When the trees talk, we need to listen, Suzanne Simard reveals in her bestselling book Finding the Mother Tree
'There is a link between forests and people. We need to make some transformational changes'
This interview originally aired on Nov. 27, 2021.
Suzanne Simard was born and raised in the B.C. rainforest. The Canadian scientist and professor began observing trees when she was a child — which led to a life of studying forest ecology and breaking new ground with her discoveries.
Finding the Mother Tree is a scientific memoir and Simard's first book. Having spent the last four decades understanding how trees communicate with each other, Simard explains how trees are a complex, interdependent circle of life and how forests are social, communal creatures connected through underground networks.
Finding the Mother Tree is an international bestseller and creating a buzz. It was the grand prize winner of the 2021 Banff Mountain Book Competition Awards, the Booker Prize-longlisted American author Richard Powers has cited her work as a key influence, and Hollywood actor Amy Adams is set to play Simard in an upcoming feature film based on the book.
Simard spoke with Shelagh Rogers about writing Finding the Mother Tree.
Your language is so beautiful and the writing is exquisite. I feel such a strong sense of place. I feel like I'm really there. Is this a danger when you're a scientist?
Suzanne Simard: I wanted to be a writer when I was a kid. My pragmatic side and also my family history led me into forestry — but I always held in my heart that I wanted to write as well. As a scientist, you're constrained in your style of writing. You have to carve it down and simplify it so it's just telling you the bare raw facts of what you've done.
My pragmatic side and also my family history led me into forestry — but I always held in my heart that I wanted to write as well.
I always found that frustrating that I couldn't express myself. I felt like I was losing the ability to express myself in that more poetic and creative way. I was yearning to let myself loose and allow myself to write in the way that came from my heart instead of my head.
WATCH | Suzanne Simard discusses Finding the Mother Tree:
One of the reasons people are reading Finding the Mother Tree is that there is that sense of heart language as well.
Suzanne Simard: It's funny, I did this incredible research that is the backbone of this book. I felt so frustrated that nobody really knew about it, except for other scientists. I knew how important it was, because of what's happening in our forests.
There is a link between forests and people. We need to make some transformational changes. I wanted to reach into the hearts of people, and to have people understand that this story began with my life. The questions that I went on to ask in science grew from who I was as a child of the forest in the heart of British Columbia.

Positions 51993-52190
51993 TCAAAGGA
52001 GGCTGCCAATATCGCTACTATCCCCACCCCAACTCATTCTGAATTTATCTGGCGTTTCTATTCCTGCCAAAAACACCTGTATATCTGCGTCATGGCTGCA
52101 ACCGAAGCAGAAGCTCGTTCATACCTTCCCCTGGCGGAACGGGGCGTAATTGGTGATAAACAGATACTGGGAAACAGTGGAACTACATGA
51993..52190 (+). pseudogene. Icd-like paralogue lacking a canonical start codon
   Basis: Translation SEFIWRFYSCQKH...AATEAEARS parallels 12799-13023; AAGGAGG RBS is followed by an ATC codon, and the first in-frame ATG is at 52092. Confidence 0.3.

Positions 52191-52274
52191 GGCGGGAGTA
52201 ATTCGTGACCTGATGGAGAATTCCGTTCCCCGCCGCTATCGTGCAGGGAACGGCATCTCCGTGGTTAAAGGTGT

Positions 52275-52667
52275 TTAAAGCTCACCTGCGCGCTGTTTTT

There is a link between forests and people. We need to make some transformational changes.
I hope that I convey that in the book that this has deep roots as a Canadian and as a child who grew up in these complex, intertwined forests. These questions were so logical for me to ask.
They do expand our understanding, or at least how Westerners have understood forests for the last century or more. It hopefully speaks also to the Indigenous roots in our country, where I think that this understanding is already well founded, well understood, and would serve us all to understand this more deeply.
You've had a number of "eureka" or "aha" moments in your life. When was that moment regarding the Finding the Mother Tree?
Suzanne Simard: I was in my early 30s when I made these discoveries — that trees were passing carbon back and forth. I met a whole bunch of resistance when I published that paper, not just in forest practices but academia as well. It challenged the modern industrial view of how forests grew, which was that they're highly competitive, and trees are fighting for their own survival and trying to get all the light and soil resources that they can.
This created a huge backlash. There was a period of about 10 years or more that I was mired in this backlash, and so did the study of this phenomena of below-ground connections in the forest. I set out to map what those networks in the forest looked like.
All of the trees in our forests in Canada — in fact, all over the world — have this symbiotic, mutualistic association with fungi. There are these certain fungi — mycorrhizal fungi, which literally means fungus root — where the tree provides energy to the fungus not in photosynthesis, and the fungus takes out energy and uses it to grow itself. It grows itself through the soil, winding around all the pores and all the soil — pulling out nutrients and water and delivering them back to the tree.
All of the trees in our forests in Canada — in fact, all over the world — have this symbiotic, mutualistic association with fungi.
What I discovered is that these fungi can actually link these trees together. There are literally hundreds of species in a single forest of these fungi, and so you can imagine what that tapestry might look like.
WATCH | Suzanne Simard discusses Finding the Mother Tree:
At one point, as you describe everything working in concert, quite literally, like an orchestra's going on in the forest — with all of that collaboration and communication.
I often think when I'm in the forest, I'm listening to a symphony. You do hear stuff, of course, but just knowing that all the players are working together to create this incredible wealth of an ecosystem that is so productive and so diverse. It provides oxygen for us and food and for all of the creatures that live in the forest.
It takes a symphony to create a beautiful piece, and that is what the forest is.
It takes a symphony to create a beautiful piece, and that is what the forest is — it's a symphony, too.
This conversation has been edited for length and clarity.